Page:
"Therefore no one is to act as your judge in regard to food or drink or in respect to a festival or a new moon or a Sabbath day—things which are a mere shadow of what is to come; but the substance belongs to Christ. Let no one keep defrauding you of your prize by delighting in self-abasement and the worship of the angels, taking his stand on visions he has seen, inflated without cause by his fleshly mind, and not holding fast to the head, from whom the entire body, being supplied and held together by the joints and ligaments, grows with a growth which is from God" (Colossians 2:16-19).

In a book (The Purse-Driven Life by comedienne Anita Renfroe) given to Joyce, Renfroe discussed growth as changing boxes. “If people’s expectations of us put us ‘in a box,’ it seems to me that we spend a good deal of our time on earth just swapping boxes. We get some knowledge in one area of our life and realize we have been enslaved to an idea or expectation. We leave that mindset, only to find that we miss the structure the box afforded us, so we find another one to climb into. We say we don’t like them, but we keep climbing in” (pp. 44, 45).

Spiritual growth accurately can be compared to outgrowing boxes. While my graduate degree is in Bible, my college undergraduate degree is in chemistry (long story). I remember spending a lot of time learning a view of an atom, only later to be told the view must expand. That happened over and over as we moved to bigger boxes!

A time in life was when parents had the answers, then when a gifted Sunday school teacher had the answers, when a beloved preacher had the answers, when an insightful professor had the answers, or when a movement had the answers. Parents had some of the answers—as did Sunday school teachers, preachers, professors, movements, etc.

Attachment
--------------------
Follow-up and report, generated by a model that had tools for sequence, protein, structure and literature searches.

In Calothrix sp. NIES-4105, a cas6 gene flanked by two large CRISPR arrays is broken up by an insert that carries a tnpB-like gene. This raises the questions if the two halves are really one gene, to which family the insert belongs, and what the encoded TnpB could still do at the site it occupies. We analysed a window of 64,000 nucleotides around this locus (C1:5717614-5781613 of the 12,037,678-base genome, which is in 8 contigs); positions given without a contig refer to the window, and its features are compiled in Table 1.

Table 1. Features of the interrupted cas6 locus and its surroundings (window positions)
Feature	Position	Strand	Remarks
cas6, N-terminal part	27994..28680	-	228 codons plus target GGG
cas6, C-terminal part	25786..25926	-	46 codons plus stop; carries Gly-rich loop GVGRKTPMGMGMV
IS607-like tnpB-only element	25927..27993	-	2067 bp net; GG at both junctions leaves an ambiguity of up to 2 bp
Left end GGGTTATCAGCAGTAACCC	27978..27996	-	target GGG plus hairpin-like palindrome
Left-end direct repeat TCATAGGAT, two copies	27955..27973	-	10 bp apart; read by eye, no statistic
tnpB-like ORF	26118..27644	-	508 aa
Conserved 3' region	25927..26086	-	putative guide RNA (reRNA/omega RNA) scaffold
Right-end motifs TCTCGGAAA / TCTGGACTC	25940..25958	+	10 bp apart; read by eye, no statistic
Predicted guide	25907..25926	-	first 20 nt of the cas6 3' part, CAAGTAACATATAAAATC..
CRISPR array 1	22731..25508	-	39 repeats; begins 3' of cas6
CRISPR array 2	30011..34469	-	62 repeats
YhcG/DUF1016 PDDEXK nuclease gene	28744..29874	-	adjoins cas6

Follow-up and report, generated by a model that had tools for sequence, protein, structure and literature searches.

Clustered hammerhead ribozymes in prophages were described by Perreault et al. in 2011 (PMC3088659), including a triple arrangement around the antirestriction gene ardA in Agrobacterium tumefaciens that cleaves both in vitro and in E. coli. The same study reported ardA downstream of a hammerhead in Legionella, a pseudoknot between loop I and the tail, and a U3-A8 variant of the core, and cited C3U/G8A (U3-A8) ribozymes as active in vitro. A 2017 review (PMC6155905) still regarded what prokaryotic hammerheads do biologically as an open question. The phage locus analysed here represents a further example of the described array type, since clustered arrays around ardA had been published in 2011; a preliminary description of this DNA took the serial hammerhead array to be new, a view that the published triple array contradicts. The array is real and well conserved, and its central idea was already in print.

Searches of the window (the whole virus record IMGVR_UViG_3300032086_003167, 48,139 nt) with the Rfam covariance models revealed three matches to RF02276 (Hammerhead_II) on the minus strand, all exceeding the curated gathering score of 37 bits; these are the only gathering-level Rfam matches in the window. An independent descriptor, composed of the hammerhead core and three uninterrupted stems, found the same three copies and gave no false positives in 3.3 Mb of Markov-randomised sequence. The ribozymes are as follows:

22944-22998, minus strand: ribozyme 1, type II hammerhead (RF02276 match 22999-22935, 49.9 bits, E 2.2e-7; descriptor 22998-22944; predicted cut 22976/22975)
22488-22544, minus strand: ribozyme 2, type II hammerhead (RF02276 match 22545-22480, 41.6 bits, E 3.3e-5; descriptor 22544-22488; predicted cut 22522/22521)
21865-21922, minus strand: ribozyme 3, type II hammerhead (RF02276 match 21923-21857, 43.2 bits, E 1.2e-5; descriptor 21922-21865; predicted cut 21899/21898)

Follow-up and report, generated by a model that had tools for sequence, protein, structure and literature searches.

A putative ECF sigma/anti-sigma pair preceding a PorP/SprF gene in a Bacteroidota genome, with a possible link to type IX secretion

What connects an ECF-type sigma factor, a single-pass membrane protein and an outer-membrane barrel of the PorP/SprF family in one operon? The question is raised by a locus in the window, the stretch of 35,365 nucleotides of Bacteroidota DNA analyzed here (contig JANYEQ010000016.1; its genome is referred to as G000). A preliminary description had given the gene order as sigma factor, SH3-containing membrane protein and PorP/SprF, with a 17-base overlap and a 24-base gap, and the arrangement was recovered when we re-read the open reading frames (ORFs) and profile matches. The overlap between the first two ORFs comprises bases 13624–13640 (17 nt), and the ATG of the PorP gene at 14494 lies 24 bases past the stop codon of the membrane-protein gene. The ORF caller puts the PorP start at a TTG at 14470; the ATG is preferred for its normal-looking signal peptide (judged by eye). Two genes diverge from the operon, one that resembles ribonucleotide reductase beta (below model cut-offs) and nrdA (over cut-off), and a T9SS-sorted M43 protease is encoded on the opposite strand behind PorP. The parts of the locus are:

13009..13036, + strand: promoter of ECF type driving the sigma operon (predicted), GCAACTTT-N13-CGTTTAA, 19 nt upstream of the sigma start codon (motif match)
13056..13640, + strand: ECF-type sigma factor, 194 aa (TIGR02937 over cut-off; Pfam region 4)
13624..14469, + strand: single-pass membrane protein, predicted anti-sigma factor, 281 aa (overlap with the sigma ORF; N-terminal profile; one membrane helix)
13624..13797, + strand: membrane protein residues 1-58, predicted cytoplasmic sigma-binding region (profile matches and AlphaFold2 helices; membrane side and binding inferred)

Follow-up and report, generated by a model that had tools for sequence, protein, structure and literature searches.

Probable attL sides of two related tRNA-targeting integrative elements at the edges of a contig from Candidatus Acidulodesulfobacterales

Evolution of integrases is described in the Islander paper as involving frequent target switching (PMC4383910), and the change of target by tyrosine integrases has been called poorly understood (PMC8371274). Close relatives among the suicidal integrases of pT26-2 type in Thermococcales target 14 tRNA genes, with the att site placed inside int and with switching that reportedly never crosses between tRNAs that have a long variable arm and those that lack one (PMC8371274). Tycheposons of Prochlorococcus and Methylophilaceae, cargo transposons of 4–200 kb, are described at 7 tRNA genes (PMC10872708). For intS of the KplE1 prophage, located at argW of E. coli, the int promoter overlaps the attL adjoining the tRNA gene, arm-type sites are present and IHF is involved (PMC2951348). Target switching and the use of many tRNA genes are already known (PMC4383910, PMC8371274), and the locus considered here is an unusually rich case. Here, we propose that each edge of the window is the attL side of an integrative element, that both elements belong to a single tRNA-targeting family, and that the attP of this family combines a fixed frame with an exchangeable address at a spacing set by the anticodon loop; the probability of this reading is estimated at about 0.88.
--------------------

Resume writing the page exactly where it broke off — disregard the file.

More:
Why only some answers? As we grow, have new experiences, and age, we discover dimensions of questions that were unknown to us. You provide yourself insight. Was any spiritual question “the same” at age 15 as it was at age 8? Or at age 25 compared to age 15? Or at age 40 compared to age 25? Or at age 65 compared to age 40?

Do you realize how much you have grown? There was the “all black and white with no gray” age; the “black, white, and a little gray” age; the “black, white, and expanding gray” age; and the age when wisdom confessed “I don’t know”—which was completely unacceptable in the “all black and white” age. Pick your subject—child rearing, godly marriage, unity, love, forgiveness, holiness, Christian service—and watch scripture cause godly people to grow into the Lordship of Jesus Christ and God’s character and purposes. A 15-year-old will conclude things that cause a 40-year-old to shake his or her head because the 15-year-old has not even seen all the question.

A “think about” question: was God with you in your small box? When your growth demanded a bigger box, did God go with you? Was He in the bigger box ahead of you? Can you put God in a box, or is God bigger than all boxes? Do you understand that healthy congregations are made of people who do not fear spiritual growth? Never stagnate where you are! Never stop growing closer to God!

David Chadwell

West-Ark Church of Christ, Fort Smith, AR
Bulletin Article, 20 March 2008

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